ZiPS Time Warp: Nomar Garciaparra, 2000
Year BA OBP SLG AB R H 2B 3B HR RBI BB SO SB OPS+ WAR
1996 .241 .272 .471 87 11 21 2 3 4 16 4 14 5 83 0.1
1997 .306 .342 .534 684 122 209 44 11 30 98 35 92 22 123 6.4
1998 .323 .362 .584 604 111 195 37 8 35 122 33 62 12 140 7.3
1999 .357 .418 .603 532 103 190 42 4 27 104 51 39 14 153 6.3
2000 .372 .434 .599 529 104 197 51 3 21 96 61 50 5 156 7.6
2001 .333 .386 .582 555 104 185 42 6 28 99 46 54 10 150 7.3
2002 .325 .382 .560 548 109 178 42 6 25 105 49 54 10 149 6.8
2003 .333 .388 .579 537 119 179 42 6 26 115 47 51 9 146 6.8
2004 .337 .391 .608 526 114 177 41 6 30 113 46 49 9 148 7.0
2005 .324 .378 .567 515 108 167 38 6 25 106 43 49 9 146 6.1
2006 .330 .382 .579 506 95 167 42 9 22 94 41 47 8 141 5.7
2007 .337 .386 .564 498 94 168 39 7 20 92 38 44 7 136 5.6
2008 .312 .365 .537 490 87 153 40 8 18 86 39 43 7 129 4.7
2009 .300 .347 .505 483 81 145 33 9 16 79 33 41 6 116 3.5
2010 .290 .333 .452 476 71 138 26 6 13 67 29 40 5 108 2.7
2011 .289 .326 .423 470 70 136 23 5 10 65 24 37 5 100 2.1
2012 .279 .313 .419 427 55 119 20 5 10 50 19 33 4 94 1.1
2013 .265 .296 .357 389 48 103 16 1 6 41 15 28 3 79 -0.3
Year BA OBP SLG AB R H 2B 3B HR RBI BB SO SB OPS+ WAR
ZiPS RoC .314 .363 .524 6420 1155 2015 444 80 249 1112 469 570 92 129 59.0
Actual .297 .346 .480 3150 476 935 194 23 112 500 219 297 37 111 13.9
Year BA OBP SLG AB R H 2B 3B HR RBI BB SO SB OPS+ WAR
ZiPS Career .319 .368 .538 8856 1606 2827 620 109 366 1548 653 827 150 132 86.7
Actual .313 .361 .521 5586 927 1747 370 52 229 936 403 554 95 124 41.5

Garciaparra’s rate stats don’t change drastically, simply because he wasn’t healthy enough and didn’t play long enough for an extended decline phase to drag down his career line. But even with the projection system never putting his over/under for games played above 140, projecting from this point essentially gets us double the Nomar. ZiPS actually has him playing two more seasons given his closeness to the 3000-hit mark, but I instructed it to cut it off after 2013. Wouldn’t a World Series championship parade, followed by a symbolic handing-over of the title of “the man” to Dustin Pedroia, have been the more poetic way for things to end? Plus, he’d get to beat his rival, Derek Jeter, to Cooperstown by a whole year!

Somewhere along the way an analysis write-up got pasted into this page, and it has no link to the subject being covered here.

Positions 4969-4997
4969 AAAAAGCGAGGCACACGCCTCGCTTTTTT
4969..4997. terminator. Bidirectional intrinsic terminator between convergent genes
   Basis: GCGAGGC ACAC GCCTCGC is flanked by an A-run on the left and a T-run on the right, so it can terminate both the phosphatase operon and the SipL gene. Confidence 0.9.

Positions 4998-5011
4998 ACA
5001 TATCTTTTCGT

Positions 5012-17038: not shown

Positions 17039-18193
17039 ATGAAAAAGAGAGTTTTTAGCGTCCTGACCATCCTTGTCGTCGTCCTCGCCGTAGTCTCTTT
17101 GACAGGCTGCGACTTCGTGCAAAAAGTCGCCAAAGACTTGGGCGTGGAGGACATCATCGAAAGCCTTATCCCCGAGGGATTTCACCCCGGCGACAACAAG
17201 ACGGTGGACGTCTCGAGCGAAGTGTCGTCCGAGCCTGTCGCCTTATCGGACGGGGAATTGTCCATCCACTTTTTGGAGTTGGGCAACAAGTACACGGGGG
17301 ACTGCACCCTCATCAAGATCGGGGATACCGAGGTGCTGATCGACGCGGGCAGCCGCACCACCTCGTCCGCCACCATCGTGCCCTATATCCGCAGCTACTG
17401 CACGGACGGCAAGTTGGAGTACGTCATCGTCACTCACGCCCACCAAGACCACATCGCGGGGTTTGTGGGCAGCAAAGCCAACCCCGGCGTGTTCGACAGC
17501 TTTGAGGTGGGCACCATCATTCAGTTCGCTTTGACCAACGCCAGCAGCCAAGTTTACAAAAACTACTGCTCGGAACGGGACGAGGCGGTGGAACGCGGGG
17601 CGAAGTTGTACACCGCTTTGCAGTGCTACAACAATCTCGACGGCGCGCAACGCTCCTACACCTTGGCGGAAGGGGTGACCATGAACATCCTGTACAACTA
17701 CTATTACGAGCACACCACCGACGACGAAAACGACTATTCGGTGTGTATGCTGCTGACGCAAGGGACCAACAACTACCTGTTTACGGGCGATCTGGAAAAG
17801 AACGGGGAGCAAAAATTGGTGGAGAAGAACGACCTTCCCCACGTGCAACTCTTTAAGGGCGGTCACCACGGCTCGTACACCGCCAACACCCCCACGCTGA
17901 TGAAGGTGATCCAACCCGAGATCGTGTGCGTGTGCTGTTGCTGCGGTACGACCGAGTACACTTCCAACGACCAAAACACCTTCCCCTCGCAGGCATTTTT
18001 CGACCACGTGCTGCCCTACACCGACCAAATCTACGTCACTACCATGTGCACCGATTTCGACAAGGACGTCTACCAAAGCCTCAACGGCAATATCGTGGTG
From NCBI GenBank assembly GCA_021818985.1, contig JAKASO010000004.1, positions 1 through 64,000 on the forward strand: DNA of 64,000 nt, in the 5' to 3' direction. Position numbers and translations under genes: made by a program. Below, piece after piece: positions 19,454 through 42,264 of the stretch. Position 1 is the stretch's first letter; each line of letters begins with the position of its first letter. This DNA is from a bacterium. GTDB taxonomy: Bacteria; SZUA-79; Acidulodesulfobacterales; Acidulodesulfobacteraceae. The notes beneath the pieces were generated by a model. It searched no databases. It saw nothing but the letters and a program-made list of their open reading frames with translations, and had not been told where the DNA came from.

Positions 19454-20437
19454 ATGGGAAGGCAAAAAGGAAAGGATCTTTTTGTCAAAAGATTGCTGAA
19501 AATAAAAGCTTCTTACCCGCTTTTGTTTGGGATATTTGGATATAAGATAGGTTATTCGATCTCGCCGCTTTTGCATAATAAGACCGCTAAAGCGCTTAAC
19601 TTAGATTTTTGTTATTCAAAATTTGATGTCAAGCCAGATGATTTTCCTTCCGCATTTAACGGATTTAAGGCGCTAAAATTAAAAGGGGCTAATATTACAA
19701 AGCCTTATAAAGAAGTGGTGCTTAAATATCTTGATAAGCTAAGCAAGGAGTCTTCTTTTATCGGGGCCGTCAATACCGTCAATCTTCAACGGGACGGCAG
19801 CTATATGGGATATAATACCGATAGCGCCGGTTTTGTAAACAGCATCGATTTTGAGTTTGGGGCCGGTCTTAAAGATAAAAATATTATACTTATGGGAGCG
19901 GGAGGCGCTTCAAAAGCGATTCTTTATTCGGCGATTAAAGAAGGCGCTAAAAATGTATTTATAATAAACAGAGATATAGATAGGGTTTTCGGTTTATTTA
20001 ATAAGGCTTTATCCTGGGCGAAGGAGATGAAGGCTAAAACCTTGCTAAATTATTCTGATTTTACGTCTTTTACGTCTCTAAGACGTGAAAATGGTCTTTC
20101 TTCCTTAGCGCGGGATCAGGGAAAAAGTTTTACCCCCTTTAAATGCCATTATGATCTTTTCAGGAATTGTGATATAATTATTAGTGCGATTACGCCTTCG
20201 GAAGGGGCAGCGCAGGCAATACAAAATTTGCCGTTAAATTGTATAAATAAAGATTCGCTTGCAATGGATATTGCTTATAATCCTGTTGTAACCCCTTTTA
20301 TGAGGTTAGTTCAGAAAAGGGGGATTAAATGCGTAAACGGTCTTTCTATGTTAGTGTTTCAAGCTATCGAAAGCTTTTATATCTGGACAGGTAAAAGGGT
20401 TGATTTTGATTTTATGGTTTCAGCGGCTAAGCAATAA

We hoped you liked reading ZiPS Time Warp: Nomar Garciaparra by Dan Szymborski!

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Dan Szymborski is a senior writer for FanGraphs and the developer of the ZiPS projection system. He was a writer for ESPN.com from 2010-2018, a regular guest on a number of radio shows and podcasts, and a voting BBWAA member. He also maintains a terrible Twitter account at @DSzymborski.

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Awesome stuff Dan! Now I’m wondering if Tulowitzki would have a similar time warp projection.